Ammonium produced from the remineralisation of organic material, exists in elevated concentrations (1 - >14μM) within cohesive shelf sea sediments found in the Celtic Sea (depth: 1–30 cm). The depth of sediment exceeds 1m and would be a suitable study site to carry out paleolimnology experiments with C:N.

Lacustrine[edit]

Unlike in marine sediments, diagenesis does not pose a large threat to the integrity of the C/N ratio in lacustrine sediments.[1][13] Though wood from living trees around lakes have consistently higher C/N ratios than wood buried in sediment, the change in elemental composition is not large enough to remove the vascular versus non-vascular plant signals due to the refractory nature of terrestrial organic matter.[1][14][13] Abrupt shifts in the C/N ratio down-core can be interpreted as shifts in the organic source material.

For example, two separate studies on Mangrove Lake, Bermuda and Lake Yunoko, Japan show irregular, abrupt fluctuations between C/N around 11 to around 18. These fluctuations are attributed to shifts from mainly algal dominance to land-based vascular dominance.[13][15] Results of studies that show abrupt shifts in algal dominance and vascular dominance often lead to conclusions about the state of the lake during these distinct periods of isotopic signatures. Times in which lakes are dominated by algal signals suggest the lake is a deep-water lake, while times in which lakes are dominated by vascular plant signals suggest the lake is shallow, dry, or marshy.[13] Using the C/N ratio in conjunction with other sediment observations, such as physical variations, D/H isotopic analyses of fatty acids and alkanes, and δ13C analyses on similar biomarkers can lead to further regional climate interpretations that describe the larger phenomena at play.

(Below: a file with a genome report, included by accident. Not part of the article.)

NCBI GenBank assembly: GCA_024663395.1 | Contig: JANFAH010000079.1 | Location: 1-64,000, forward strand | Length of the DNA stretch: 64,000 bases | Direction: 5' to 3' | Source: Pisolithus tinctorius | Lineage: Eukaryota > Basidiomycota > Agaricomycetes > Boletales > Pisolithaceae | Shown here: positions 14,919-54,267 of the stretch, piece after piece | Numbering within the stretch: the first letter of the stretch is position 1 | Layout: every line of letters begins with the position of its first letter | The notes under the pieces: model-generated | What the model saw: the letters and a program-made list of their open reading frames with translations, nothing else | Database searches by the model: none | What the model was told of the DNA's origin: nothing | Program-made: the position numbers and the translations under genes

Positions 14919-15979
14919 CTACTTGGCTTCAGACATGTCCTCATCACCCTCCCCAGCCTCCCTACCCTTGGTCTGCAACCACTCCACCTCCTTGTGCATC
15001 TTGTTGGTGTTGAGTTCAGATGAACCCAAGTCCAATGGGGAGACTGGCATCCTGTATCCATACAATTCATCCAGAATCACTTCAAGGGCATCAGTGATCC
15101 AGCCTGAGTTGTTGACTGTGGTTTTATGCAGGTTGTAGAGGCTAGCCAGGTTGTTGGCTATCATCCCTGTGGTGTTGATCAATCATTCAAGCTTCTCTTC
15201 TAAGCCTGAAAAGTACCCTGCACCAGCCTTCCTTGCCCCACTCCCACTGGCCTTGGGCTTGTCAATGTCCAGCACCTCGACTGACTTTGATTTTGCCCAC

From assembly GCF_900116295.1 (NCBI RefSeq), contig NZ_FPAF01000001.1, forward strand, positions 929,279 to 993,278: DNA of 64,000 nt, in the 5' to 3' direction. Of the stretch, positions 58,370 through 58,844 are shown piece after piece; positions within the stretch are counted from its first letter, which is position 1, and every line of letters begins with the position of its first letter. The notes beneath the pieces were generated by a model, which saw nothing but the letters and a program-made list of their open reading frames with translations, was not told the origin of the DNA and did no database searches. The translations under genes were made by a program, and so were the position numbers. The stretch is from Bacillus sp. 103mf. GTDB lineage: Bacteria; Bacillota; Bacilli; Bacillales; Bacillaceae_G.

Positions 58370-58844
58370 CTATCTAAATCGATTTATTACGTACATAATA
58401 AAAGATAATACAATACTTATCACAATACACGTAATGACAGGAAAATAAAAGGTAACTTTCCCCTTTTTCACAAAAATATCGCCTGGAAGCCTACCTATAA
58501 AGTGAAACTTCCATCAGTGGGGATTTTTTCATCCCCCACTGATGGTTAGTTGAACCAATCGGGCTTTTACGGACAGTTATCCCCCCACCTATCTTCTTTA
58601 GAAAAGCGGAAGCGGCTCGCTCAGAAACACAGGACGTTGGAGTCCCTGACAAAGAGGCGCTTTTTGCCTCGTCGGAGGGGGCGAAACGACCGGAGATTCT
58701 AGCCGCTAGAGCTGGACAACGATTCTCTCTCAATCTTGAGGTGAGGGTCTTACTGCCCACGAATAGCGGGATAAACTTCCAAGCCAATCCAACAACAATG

Soil[edit]

In microbial communities like soil, the C:N ratio is a key indicator as it describes a balance between energetic foods (represented by carbon) and material to build protein with (represented by nitrogen). An optimal C:N ratio of around 24:1 provides for higher microbial activity.[16][17]

The C:N ratio of soil can be modified by the addition of materials such as compost, manure, and mulch. A feedstock with a near-optimal C:N ratio will be consumed quickly. Any excess C will cause the N originally in the soil to be consumed, competing with the plant for nutrients (immobilization) – at least temporarily until the microbes die. Any excess N, on the other hand, will usually just be left behind (mineralization), but too much excess may result in losses to leaching. The recommended C:N ratio for soil materials is therefore 30:1. A soil test may be done to find the C:N ratio of soil itself.[16]

The C:N ratio of microbes themselves is generally around 10:1.[16] A lower ratio is correlated with higher soil productivity.[18]

Compost[edit]

The role of C:N ratio in compost feedstock is similar to that of soil feedstock. The recommendation is around 20-30:1. The microbes prefer a ratio of ratio of 30-35:1,[4] but the carbon is usually not completely digested (especially in the case of lignin feedstock), hence the lowered ratio.[19]

An imbalance of C:N ratio causes a slowdown in the composting process and a drop in temperature. When the C:N ratio is less than 15:1, outgassing of ammonium may occur, creating odor and losing nitrogen.[20] A finished compost has a C:N ratio of around 10:1.[19]

Estimating C and N contents of feedstocks[edit]

The C and N contents of feedstocks is generally known from lookup tables listing common types of feedstock. It is important to deduct the moisture content if the listed value is for dry material.[19]

For foodstuffs with a nutrition analysis, the N content may be estimated from the protein content as prot% × 0.16, reversing the crude protein calculation.[21] The C content may be estimated from crude ash content (often reported in animal feed)[19] or from reported macronutrient levels as carbs% × 0.44 + fat% × 0.86 + prot% × 0.53.[22]

Given the C:N ratio and one of C and N contents, the other content may be calculated using the very definition of the ratio.[19] When only the ratio is known, one must estimate the total C+N% or one of the contents to get both values.

Managing mixed feedstocks[edit]

The C:N ratio of mixed feedstocks is simply calculated by summing their C and N amounts together and dividing the two results. For compost, moisture is also an important factor.[19]

References[edit]

  1. ^ a b c d e f Ishiwatari, R.; M. Uzaki (1987). "Diagenetic Changes of Lignin Compounds in a More Than 0.6 Million-Year-Old Lacustrine Sediment (Lake Biwa, Japan)". Geochimica et Cosmochimica Acta. 51 (2): 321–28. Bibcode:1987GeCoA..51..321I. doi:10.1016/0016-7037(87)90244-4.